1. Know your endgame. If you are an author selling a memoir, then your tweets should be around the topic of memoir, your own writing, and other memoirists’ writing. You might alert readers to a blog post of a memoir excerpt (this is called content chunking – the same thing as releasing an individual song to generate album sales).

2. At the same time, it’s good to let readers in the twittosphere know a little bit more about you. Readers like to know about writers and, when they see the other tweets you send, the ones that are not about your own writing, they’ll be able to get a feel for who you are. That extra knowledge and familiarity can prompt someone to click on your link to see what else you have to say.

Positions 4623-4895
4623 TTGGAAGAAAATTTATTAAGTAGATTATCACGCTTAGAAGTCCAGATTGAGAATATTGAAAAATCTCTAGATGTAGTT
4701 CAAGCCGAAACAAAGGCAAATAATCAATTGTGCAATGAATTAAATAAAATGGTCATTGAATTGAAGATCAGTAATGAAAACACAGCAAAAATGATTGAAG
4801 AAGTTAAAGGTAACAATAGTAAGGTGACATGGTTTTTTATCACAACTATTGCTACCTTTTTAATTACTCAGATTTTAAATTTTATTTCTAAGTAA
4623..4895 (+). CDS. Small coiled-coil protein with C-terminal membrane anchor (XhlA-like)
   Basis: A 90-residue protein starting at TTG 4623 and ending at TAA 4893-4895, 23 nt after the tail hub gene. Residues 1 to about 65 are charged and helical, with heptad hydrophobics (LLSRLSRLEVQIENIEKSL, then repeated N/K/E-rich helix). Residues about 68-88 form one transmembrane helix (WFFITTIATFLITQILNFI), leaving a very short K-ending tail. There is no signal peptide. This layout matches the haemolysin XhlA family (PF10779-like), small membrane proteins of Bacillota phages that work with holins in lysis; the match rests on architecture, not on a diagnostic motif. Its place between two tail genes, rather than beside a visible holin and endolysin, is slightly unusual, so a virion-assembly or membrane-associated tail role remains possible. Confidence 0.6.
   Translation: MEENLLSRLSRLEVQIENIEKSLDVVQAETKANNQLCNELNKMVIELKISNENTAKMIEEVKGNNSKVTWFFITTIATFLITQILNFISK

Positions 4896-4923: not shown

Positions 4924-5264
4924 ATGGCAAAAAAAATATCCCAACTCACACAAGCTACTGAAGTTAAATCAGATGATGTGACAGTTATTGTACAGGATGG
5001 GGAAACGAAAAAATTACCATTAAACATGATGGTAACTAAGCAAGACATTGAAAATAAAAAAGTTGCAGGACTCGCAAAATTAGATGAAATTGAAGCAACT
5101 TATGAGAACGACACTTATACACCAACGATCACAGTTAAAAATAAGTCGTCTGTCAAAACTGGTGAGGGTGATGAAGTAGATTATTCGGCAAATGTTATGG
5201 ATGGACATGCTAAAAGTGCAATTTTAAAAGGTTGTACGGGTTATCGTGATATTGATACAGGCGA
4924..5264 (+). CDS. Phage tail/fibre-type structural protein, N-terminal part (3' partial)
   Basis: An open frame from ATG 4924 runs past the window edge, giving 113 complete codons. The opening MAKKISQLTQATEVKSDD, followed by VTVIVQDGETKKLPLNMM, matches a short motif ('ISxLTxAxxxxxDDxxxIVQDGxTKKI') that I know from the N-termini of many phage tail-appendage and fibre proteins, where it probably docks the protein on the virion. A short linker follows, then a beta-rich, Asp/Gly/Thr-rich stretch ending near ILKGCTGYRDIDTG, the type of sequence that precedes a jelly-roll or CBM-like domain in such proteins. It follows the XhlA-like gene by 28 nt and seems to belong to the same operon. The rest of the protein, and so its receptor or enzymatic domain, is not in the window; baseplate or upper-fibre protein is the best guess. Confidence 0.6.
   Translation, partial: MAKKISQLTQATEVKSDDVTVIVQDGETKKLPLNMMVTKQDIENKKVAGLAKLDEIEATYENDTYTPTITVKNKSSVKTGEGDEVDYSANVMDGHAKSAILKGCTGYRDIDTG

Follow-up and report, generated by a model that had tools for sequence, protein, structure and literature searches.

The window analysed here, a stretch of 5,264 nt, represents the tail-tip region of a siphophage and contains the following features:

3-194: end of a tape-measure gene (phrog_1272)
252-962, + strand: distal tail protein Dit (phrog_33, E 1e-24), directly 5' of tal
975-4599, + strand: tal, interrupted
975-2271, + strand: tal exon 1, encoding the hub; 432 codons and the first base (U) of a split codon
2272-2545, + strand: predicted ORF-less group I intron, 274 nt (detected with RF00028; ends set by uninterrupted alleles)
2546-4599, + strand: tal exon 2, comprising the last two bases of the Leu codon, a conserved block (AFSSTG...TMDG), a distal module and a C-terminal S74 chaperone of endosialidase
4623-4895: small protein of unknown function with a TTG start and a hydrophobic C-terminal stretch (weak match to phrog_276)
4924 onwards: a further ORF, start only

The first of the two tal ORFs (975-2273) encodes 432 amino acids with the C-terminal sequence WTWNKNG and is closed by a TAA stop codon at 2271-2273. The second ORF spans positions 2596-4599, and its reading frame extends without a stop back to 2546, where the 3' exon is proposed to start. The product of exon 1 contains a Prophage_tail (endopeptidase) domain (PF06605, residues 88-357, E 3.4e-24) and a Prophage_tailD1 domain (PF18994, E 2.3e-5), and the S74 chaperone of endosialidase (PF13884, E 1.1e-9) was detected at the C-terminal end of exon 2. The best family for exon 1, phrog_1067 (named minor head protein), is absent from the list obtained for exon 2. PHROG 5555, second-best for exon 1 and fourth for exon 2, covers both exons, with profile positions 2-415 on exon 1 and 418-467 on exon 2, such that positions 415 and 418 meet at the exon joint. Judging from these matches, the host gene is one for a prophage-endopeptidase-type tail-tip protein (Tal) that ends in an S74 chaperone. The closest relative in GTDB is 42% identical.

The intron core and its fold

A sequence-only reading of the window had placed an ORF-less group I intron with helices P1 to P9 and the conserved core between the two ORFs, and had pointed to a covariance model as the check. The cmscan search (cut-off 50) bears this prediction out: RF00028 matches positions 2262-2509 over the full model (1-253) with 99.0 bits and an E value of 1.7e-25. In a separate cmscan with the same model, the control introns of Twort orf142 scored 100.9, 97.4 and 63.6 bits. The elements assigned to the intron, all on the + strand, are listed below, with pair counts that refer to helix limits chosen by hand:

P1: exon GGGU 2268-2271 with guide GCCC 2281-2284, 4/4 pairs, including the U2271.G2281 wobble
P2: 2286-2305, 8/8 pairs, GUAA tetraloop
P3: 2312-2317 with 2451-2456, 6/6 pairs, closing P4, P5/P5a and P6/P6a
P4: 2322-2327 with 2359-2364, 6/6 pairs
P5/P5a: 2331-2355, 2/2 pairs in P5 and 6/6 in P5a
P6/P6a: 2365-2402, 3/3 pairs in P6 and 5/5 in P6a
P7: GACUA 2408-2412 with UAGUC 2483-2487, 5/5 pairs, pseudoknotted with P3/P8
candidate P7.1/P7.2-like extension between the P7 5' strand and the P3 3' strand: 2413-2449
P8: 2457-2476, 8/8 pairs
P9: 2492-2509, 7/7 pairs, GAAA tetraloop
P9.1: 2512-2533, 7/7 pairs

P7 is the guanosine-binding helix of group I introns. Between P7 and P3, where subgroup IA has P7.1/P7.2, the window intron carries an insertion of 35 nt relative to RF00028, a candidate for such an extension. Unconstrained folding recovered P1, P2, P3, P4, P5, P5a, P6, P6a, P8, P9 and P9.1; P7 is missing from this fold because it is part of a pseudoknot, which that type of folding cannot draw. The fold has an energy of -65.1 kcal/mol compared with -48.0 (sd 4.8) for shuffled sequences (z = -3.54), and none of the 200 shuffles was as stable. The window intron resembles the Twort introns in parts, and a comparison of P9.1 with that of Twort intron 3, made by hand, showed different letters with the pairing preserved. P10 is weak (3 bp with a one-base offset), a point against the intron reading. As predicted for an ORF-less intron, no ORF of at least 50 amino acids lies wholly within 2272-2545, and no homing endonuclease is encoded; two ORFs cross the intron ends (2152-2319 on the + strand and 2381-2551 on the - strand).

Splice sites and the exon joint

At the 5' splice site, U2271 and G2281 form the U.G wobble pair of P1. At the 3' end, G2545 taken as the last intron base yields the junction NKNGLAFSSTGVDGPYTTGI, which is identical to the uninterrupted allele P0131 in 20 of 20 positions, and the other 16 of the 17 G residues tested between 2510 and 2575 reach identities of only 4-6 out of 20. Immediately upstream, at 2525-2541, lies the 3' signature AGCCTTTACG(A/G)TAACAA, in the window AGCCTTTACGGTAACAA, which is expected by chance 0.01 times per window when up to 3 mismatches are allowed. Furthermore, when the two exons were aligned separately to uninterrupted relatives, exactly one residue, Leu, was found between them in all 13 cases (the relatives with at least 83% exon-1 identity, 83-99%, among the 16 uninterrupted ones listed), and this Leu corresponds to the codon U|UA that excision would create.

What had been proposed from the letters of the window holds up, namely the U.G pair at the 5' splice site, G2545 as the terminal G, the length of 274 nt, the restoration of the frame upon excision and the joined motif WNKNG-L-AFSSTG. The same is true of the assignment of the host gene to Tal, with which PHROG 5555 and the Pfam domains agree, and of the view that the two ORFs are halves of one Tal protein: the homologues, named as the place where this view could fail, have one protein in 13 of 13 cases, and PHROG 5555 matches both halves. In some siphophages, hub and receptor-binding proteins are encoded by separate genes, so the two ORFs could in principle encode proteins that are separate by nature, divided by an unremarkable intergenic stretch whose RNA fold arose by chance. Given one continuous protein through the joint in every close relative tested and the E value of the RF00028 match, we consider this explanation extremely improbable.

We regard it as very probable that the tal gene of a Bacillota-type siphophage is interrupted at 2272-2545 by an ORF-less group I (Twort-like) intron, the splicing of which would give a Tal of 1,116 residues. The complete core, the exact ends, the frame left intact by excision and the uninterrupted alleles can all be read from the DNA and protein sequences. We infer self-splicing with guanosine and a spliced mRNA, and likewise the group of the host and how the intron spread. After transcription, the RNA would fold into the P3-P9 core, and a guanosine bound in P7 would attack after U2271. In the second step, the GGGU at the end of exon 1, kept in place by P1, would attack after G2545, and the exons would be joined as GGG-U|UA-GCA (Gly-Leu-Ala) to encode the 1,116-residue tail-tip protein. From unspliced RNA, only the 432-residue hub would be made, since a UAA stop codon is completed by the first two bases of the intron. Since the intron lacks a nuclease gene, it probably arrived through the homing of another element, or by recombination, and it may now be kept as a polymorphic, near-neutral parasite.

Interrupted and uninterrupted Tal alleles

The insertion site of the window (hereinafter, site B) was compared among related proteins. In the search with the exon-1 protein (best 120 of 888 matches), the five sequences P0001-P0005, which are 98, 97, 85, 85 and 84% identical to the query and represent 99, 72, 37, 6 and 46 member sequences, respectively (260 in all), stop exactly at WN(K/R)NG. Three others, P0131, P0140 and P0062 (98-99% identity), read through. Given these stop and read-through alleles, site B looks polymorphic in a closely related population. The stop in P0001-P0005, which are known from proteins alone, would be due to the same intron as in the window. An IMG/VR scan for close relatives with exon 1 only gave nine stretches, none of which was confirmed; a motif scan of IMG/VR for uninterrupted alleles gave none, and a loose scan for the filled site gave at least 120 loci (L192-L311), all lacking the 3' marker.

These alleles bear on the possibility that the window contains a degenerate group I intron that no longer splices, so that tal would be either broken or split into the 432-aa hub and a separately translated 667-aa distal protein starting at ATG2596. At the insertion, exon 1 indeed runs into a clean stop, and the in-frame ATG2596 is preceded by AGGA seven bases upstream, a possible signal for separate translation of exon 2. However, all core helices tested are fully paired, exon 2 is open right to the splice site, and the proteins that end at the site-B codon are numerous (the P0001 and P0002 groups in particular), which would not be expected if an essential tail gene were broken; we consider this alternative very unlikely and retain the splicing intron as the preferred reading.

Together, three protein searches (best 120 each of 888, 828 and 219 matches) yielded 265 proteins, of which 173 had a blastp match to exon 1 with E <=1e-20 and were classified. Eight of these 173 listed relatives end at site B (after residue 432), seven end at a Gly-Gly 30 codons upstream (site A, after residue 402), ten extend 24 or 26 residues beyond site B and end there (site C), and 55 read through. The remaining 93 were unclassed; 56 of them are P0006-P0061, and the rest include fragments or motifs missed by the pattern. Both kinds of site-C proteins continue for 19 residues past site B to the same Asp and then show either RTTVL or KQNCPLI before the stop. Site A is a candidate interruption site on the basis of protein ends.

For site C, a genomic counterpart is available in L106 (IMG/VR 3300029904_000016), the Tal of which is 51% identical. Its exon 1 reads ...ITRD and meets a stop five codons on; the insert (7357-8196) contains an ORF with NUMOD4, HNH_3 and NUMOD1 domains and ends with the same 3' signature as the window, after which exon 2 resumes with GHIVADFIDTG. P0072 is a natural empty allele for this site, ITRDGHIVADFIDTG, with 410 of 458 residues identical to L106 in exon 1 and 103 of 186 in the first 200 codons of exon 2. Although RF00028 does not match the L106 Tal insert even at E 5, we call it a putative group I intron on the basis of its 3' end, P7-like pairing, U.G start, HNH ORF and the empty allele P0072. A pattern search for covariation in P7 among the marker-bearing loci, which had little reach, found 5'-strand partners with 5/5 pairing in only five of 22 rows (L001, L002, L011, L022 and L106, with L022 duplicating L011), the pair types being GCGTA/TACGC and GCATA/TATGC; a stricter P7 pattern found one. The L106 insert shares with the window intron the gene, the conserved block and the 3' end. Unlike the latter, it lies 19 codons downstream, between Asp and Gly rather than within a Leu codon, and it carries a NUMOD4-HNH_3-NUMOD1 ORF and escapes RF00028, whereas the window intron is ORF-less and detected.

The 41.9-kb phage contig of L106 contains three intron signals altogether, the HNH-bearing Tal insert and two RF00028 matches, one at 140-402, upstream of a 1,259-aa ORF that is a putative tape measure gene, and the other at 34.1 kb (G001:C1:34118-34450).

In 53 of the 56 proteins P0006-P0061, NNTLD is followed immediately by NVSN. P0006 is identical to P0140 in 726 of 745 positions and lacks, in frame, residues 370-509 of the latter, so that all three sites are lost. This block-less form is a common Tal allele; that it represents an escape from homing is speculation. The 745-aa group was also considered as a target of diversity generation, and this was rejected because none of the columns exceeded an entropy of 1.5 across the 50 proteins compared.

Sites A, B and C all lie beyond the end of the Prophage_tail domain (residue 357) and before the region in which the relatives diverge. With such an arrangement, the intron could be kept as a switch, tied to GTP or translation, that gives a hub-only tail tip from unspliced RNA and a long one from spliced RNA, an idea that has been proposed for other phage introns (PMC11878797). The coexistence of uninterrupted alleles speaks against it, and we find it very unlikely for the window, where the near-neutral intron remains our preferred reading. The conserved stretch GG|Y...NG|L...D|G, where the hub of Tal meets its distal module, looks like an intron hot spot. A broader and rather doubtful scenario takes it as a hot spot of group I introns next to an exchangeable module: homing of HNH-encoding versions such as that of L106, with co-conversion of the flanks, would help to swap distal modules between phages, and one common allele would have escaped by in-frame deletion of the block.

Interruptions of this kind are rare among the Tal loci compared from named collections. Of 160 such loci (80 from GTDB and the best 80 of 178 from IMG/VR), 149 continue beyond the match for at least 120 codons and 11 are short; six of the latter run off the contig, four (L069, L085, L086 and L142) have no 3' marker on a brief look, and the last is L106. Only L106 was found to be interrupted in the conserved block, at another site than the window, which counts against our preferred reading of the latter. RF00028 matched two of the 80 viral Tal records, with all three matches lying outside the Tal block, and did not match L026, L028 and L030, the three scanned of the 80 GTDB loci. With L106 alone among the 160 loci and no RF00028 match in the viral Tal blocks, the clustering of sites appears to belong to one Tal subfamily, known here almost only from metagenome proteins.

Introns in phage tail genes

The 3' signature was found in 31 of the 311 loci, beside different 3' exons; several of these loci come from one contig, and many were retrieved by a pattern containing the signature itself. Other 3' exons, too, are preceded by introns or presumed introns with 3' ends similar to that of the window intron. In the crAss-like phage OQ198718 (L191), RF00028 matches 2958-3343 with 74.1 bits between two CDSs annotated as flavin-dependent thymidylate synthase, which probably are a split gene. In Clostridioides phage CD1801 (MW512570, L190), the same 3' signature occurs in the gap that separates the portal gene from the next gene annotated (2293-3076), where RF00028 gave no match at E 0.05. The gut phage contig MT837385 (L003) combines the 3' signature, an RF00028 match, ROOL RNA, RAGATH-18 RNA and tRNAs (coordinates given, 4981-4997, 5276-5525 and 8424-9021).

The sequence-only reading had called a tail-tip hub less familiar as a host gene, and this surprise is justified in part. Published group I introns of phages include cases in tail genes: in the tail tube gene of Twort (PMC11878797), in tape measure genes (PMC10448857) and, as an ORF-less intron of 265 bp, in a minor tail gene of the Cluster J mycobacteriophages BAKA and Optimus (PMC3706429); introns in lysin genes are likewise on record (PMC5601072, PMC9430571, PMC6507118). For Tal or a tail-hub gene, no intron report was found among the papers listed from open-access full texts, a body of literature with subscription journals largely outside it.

3. Understand the difference between features and benefits. The old marketing phrase ‘features tell, benefits sell’ holds good here. This means that whilst people may find features interesting, they buy (or click) for benefits.

Here’s an example of a tweet with a feature:

‘Congratulations to the winners of eChook’s ‘Tis the Season Competition cash prizes and Honored Writers. See the list here.’

And here’s one with a benefit:

‘Free tips on writing/publishing your memoir. Thanks to all who came, the teleseminar was a blast!’

4. Don’t just tweet about your own writing. Did you read something fascinating, helpful, funny or awesome about writing memoir? Write a short, thoughtful blog post about it, then tweet it, with a link to your blog.

5. Retweet other posts that are interesting to you.

How to Tweet – the Mechanics